Black history is American history, all year long, not just in February. That being said, the textbooks and curriculum most often used in the US still minimizes the contributions of Black people with respect to scientists, educators, inventors, writers, and others. As Sachel Harris wrote in February of 2020, “With 80% of teachers being white and 40% of all public schools not having a single teacher of color, Black students across the country are being robbed of the opportunity to see themselves in what they’re studying” (https://tntp.org/blog/post/black-history-is-american-history-we-should-teach-it-that-way).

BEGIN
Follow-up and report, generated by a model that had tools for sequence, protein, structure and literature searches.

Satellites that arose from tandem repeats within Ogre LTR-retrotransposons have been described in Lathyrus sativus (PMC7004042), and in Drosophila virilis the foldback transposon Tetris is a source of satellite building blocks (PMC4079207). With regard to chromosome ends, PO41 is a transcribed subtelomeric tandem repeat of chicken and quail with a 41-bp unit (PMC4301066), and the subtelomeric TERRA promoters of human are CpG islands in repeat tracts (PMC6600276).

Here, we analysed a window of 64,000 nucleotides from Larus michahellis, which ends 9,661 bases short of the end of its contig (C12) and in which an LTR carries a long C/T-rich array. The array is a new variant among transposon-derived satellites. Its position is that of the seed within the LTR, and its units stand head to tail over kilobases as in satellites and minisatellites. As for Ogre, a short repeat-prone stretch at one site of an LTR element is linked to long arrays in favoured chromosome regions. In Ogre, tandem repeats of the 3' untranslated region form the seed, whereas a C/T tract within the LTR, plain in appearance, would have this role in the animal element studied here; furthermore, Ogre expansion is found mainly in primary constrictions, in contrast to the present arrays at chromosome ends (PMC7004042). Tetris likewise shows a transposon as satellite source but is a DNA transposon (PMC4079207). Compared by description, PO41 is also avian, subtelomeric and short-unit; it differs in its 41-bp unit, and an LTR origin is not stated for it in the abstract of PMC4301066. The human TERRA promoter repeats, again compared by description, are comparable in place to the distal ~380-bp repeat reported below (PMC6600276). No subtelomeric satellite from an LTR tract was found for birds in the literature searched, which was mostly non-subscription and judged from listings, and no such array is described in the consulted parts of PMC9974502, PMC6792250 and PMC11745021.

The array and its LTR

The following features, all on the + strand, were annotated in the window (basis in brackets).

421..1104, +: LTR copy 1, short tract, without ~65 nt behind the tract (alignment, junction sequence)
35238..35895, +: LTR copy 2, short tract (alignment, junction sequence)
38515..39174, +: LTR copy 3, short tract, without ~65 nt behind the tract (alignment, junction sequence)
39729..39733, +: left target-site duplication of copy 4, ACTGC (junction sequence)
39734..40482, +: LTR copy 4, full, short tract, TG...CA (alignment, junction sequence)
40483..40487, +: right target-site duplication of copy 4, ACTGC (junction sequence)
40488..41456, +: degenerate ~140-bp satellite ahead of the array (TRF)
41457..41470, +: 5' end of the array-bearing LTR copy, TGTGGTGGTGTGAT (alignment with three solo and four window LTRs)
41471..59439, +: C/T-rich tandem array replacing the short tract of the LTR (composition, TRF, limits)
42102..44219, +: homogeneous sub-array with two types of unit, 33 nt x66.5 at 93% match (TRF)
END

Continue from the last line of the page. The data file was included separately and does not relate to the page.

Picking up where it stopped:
This February I am committed to being more intentional about incorporating Black history into my teaching (and into my own daily life, to know more as a human and to teach my children). To give me some much needed structure, I am going to use the prompts provided by Rachel Cargle on her Facebook page and website, which she has given permission for public sharing and use. You can access it here: https://www.patreon.com/m/thegreatunlearn I am sure I will not have the mental bandwidth or time to post here every day, but I hope to share in shorter form on social media and write longer posts here with information about what I have learned and how I have shared it with others.
I also found this helpful, the history of Black History Month, from O, The Oprah Magazine: https://www.oprahmag.com/life/a26077992/why-is-black-history-month-in-february/
And now, off to learn about the Middle Passage and Port Makers Project.